Wordsmith.org: the magic of words

Wordsmith Talk

About Us | What's New | Search | Site Map | Contact Us  

Previous Thread
Next Thread
Print Thread
Page 1 of 2 1 2
#113841 - 10/18/03 06:11 PM A question of loot  
Joined: Sep 2000
Posts: 2,891
belMarduk Offline
Carpal Tunnel
belMarduk  Offline
Carpal Tunnel

Joined: Sep 2000
Posts: 2,891
I recently read an article in the Journal the Montréal about a Québec/Canadian pharmaceutical chain (Jean Coutu) who was interested in buying a U.S. chain (Eckerds) for an amount written as 5G $.

I had absolutely NO idea what the G meant so I looked it up. I found out something quite interesting thing that I though you guys would be interested in. PLUS, I want to ask something to our overseas friends.

French and English use the same terms to describe several specific money amounts but some identical terms mean different amounts. Here is the list


French………………English……………….amount

Mille………………..thousand………………1,000
Million……………...million…………………1,000,000
Milliard…………….billion………………….1,000,000,000
Billion………………trillion…………………1,000,000,000,000
Trillion……………..quadrillion……………...1,000,000,000,000,000
Quatrillion………..quintillion…………….1,000,000,000,000,000,000

To our overseas friends…what terms do you use?

Oh, and the G, it stands for giga which stands for milliard/billion.

k = mille/thousand
M = million
G = milliard/billion
T = billion/trillion
P = trillion/quadrillion
E = quatrillion/quintillion



#113842 - 10/18/03 11:14 PM Re: A question of loot  
Joined: Sep 2000
Posts: 2,788
Father Steve Offline
Carpal Tunnel
Father Steve  Offline
Carpal Tunnel

Joined: Sep 2000
Posts: 2,788
Seattle, Washington, USA
And here I thought that a "G" referred to a thousand dollars, as in "Give me a couple of G's and I'll plug this guy's yap." That's how they used to talk in the movies.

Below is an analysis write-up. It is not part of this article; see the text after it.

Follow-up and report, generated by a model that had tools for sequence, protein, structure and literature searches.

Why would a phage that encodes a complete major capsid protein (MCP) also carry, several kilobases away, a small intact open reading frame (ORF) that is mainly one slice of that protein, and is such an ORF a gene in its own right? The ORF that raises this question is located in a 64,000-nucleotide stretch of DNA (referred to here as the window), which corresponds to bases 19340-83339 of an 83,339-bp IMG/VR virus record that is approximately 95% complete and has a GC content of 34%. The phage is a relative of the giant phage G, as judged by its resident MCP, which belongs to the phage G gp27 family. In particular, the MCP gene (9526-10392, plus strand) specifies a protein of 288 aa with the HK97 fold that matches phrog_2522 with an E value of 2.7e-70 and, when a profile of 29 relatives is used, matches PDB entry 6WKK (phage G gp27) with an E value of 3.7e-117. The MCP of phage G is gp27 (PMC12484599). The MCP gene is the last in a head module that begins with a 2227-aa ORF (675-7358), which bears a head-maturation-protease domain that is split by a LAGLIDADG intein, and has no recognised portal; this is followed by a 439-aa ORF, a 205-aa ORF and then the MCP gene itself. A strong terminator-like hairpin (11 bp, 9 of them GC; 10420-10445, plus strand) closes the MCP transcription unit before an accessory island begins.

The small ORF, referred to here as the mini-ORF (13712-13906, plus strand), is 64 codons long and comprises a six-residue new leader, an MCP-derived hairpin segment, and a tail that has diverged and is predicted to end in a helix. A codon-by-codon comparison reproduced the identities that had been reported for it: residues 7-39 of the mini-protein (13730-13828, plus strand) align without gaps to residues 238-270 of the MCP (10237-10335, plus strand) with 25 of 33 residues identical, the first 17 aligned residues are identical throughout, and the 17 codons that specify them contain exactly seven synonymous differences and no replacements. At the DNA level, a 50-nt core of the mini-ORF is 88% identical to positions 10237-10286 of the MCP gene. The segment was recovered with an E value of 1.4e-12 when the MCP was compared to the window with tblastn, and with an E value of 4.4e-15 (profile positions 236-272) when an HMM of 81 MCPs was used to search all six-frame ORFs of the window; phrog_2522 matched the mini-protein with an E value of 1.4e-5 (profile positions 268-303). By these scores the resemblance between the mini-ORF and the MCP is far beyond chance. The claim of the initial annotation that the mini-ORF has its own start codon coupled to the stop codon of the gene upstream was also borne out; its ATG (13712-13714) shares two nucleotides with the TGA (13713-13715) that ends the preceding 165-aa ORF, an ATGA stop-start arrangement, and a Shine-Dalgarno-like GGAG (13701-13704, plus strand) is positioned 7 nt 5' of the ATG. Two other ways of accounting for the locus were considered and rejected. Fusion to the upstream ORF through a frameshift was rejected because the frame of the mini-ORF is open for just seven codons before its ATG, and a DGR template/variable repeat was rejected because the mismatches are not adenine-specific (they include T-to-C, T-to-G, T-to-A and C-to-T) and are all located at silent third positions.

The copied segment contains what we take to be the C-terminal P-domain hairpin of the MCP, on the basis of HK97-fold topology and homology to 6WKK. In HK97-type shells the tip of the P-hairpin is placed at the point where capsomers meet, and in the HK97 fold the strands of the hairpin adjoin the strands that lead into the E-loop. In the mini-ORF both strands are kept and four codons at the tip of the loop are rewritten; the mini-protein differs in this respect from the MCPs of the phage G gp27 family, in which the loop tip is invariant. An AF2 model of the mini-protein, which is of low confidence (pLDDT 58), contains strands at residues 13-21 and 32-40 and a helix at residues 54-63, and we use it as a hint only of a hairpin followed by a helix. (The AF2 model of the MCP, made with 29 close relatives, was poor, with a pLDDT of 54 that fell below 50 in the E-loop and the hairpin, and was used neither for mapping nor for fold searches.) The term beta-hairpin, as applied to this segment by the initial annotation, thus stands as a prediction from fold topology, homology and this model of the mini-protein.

#113843 - 10/18/03 11:25 PM Re: A question of loot  
Joined: Sep 2000
Posts: 2,891
belMarduk Offline
Carpal Tunnel
belMarduk  Offline
Carpal Tunnel

Joined: Sep 2000
Posts: 2,891
Me too. That's why I knew I had to look it up. 5g (five grand) was definitely not enough for Eckerds.


#113844 - 10/19/03 06:11 AM Re: A question of loot  
Joined: Jun 2001
Posts: 2,636
consuelo Offline
Carpal Tunnel
consuelo  Offline
Carpal Tunnel

Joined: Jun 2001
Posts: 2,636
Caribbean
Was that just the Eckerds in Canada, or the whole shootin' match? Heck, if they wanted to buy Walgreens, I'd sell it to them for 1G. Of course they'd have to find me to get their money back when they found out that SIMC does not stand for "Substitute Investment Management Chairman"


#113845 - 10/19/03 01:24 PM Re: A question of loot  
Joined: Jan 2001
Posts: 13,858
wwh Offline
Carpal Tunnel
wwh  Offline
Carpal Tunnel

Joined: Jan 2001
Posts: 13,858
During the Depression, when Prohibition made gangsters rich, they used slang "grand" for a thousand dollar bill.
So "G" was short for "grand".


#113846 - 10/19/03 01:28 PM Re: A question of loot  
Joined: Sep 2000
Posts: 2,788
Father Steve Offline
Carpal Tunnel
Father Steve  Offline
Carpal Tunnel

Joined: Sep 2000
Posts: 2,788
Seattle, Washington, USA
Exactly. Tough guys like Edward Grand Robinson used it.


#113847 - 10/20/03 12:33 AM Re: A question of loot